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Wednesday, October 26, 2016

Notes From Melbourne And The Great Ocean Road - Part One

Years ago, when I was darting around the countryside for my university degree I was tempted, often, to make the big leap and drive all the way to Melbourne. As a kid in the back seat of my parent’s car we’d gone as far deep as the ranges of Victoria but never quite as far as Melbourne. My mother had instilled great fear in me, probably rightly so at the time, by telling me that the road was patchy at best, straight and boring, nothing to see, and a great deal of fatalities occurred from driver fatigue. So, it was stuck there in the back of my mind as a bridge too far.

Recently my partner and I had to attend a wedding in the Mornington Peninsula. I knew nothing about the Mornington Peninsula other than that it was wine country and had never bothered to note its proximity to Melbourne until my partner had said she had rented a car and the drive time was 90 minutes … She is a lot more gifted at organising stuff around dates, so she had married up my flight with hers and with the rental car and the time the wedding bus departed the hotel – all I had to do was show up. Which, being the nuisance that I am, I was never going to fall into line like that.
I announced a week before her departure for Queensland that I was going to drive to Melbourne. An argument ensued about how stupid my plan was and how she’d planned it down to a tee and she knew I would do something to muck it all up. I dug my heels in, immovable, unshakeable, and I said I would pick her up at the airport as planned.

Bucket List item #167 began with getting my oil and tyres checked before loading a USB stick into my car and setting up my navigation. I got on the road by 11am and before long I was rekindling myself with all those forgotten songs you don’t listen to now that you have Spotify. The Doors - ‘Riders On The Storm’, The Smiths, Paul McCartney and Sade. It was so peaceful to have the cabin to myself as I sped down the highway on a bright blue day with a countryside richly green from recent rains. The windows went down. The windows went up. The air con went down. Then up. Not one other voice to contradict my operation of the cabin and controls.

I stopped three times along the way to stretch my legs, suck down a Maccas burger, a pie and some carrot sticks so that I could tell myself I was being healthy. Unlike I had been warned by my mother, this was in fact a wonderful stretch of road and between my selection of music and making phone calls the time to Melbourne seemed to melt away and with my head leaned towards the window catching the breeze and soaking up the sunshine - I was very happy indeed. After Yass, I began to yawn, I pulled over and meditated for 30 minutes and when I awoke two strange civil contractors were staring at me from a ute in the distance  (visions of Wolf Creek circled) and I started my engine and got back onto the road. Victoria, which I was expecting to devoid of any life, was the exact opposite. I was surprised at what flat country it was and how much of it there seemed to be. Endless pastures and very few heavily forested areas. It did lack the terrain you get between Sydney and Canberra, but it made for a meandering and sprawling drive.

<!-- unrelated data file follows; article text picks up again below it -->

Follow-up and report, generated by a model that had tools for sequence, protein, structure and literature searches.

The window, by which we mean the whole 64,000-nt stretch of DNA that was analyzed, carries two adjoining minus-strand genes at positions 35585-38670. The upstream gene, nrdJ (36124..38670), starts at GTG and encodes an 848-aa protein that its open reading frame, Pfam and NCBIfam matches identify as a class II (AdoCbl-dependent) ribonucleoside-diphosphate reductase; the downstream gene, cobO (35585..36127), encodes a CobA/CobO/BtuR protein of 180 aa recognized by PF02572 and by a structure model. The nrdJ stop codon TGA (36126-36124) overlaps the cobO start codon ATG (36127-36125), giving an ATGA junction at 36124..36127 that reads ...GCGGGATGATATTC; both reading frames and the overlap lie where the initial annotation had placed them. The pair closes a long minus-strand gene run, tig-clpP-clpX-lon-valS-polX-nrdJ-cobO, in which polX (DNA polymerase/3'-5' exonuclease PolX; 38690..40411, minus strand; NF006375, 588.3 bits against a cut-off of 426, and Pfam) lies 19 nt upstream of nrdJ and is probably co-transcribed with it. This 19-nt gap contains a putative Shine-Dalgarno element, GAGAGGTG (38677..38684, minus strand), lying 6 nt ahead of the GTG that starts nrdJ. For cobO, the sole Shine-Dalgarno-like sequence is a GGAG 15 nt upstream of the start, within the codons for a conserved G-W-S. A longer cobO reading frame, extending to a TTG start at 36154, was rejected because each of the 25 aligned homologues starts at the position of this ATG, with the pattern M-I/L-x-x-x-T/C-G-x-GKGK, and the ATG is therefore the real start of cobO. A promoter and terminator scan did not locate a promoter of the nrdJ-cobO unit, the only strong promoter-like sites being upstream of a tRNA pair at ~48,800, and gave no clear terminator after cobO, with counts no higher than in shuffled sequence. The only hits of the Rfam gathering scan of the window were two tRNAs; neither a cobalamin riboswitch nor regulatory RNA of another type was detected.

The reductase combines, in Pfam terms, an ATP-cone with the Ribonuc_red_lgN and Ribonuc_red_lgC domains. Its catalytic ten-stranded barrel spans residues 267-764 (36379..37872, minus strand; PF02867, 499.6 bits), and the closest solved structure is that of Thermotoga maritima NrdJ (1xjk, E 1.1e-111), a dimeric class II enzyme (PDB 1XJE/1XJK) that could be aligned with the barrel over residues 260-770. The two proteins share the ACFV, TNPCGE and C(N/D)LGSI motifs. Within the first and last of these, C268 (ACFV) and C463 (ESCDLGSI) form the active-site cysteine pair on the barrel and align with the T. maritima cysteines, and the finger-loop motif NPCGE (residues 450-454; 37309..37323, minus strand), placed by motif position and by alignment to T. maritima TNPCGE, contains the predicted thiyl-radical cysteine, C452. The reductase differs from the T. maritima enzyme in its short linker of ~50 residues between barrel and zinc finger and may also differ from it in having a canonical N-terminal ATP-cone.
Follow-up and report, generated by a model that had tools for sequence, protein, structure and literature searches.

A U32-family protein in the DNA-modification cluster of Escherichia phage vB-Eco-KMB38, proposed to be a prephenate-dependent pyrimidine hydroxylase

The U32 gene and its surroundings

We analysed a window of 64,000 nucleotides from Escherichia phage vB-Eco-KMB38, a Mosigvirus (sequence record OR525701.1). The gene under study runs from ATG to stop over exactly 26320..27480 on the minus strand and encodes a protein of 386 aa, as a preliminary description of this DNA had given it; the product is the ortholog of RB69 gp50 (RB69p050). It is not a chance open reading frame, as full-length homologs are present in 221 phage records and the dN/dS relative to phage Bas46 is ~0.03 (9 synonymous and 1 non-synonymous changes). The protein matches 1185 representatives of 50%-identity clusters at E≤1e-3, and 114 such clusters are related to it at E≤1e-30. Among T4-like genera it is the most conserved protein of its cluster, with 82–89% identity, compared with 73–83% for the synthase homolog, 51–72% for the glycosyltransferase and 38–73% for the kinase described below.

My sat nav must have taken me into Melbourne in an unusual manner because I did not seem to move from one freeway to the next coming into Melbourne but rather a series of roads that gradually became smaller and smaller until I was in a more urban and built up part of the city, which was Brunswick. That gradual reduction in the size of roads from three lanes either side with McDonalds and KFC’s hustling every corner for junk food until you start to see your tram lines. I was heading for a boutique hotel in South Yarra called The Lyall. I reached the Lyall in 9 hours and less than one tank of fuel owing to my diesel engine. I was very impressed with myself and my car.

When I asked the concierge of my hotel where was good to eat he said ‘France-Soir’. I asked him about other restaurants but he kept on going back to France-Soir so I headed off on Toorak Rd and found France-Soir – one of the best delights of my trip to Melbourne.

The thing about Melbourne is, it is less pretentious. Sydneysiders carry on in a manner sometimes that reminds me of Los Angeles, whereas I feel Melburnians are probably a little more like New Yorkers or Bostonians (not that I know many Bostonians). As a city, as a collective, they just seem a little more grounded and a little less affected. The waiters in the restaurant were kind and tolerant. When a table was not available and the restaurant clearly brimming with activity, they didn’t turn me a way with arrogance, they instead invited me to drink a half bottle of wine outside.
When finally, I did get seated I could not have had better service or a better meal. Escargots, scallops and finished with steak tartare and pomme frites. All washed down with my half bottle of St. Emilion . The food itself was enough of a turn on, but added to that was the bustling atmosphere of tables chattering away with the noise of the tables providing that bistro type setting where one might easily stay until the restaurant closes.

Fortunately for myself the St. Emilion reminded me that I had had a long day, having started at 6am with a walk. So off I went back to my hotel, preparing myself for dropping into menswear stores the following day to see if we could find more customers, and then on to the airport to pick up my other half on time for fear of great suffering and retribution lest she be standing in the freezing cold chiming ‘I knew he would stuff it up, I just knew it’.

In the end, she still did exactly just that regardless of my being early. And so, ends part one.

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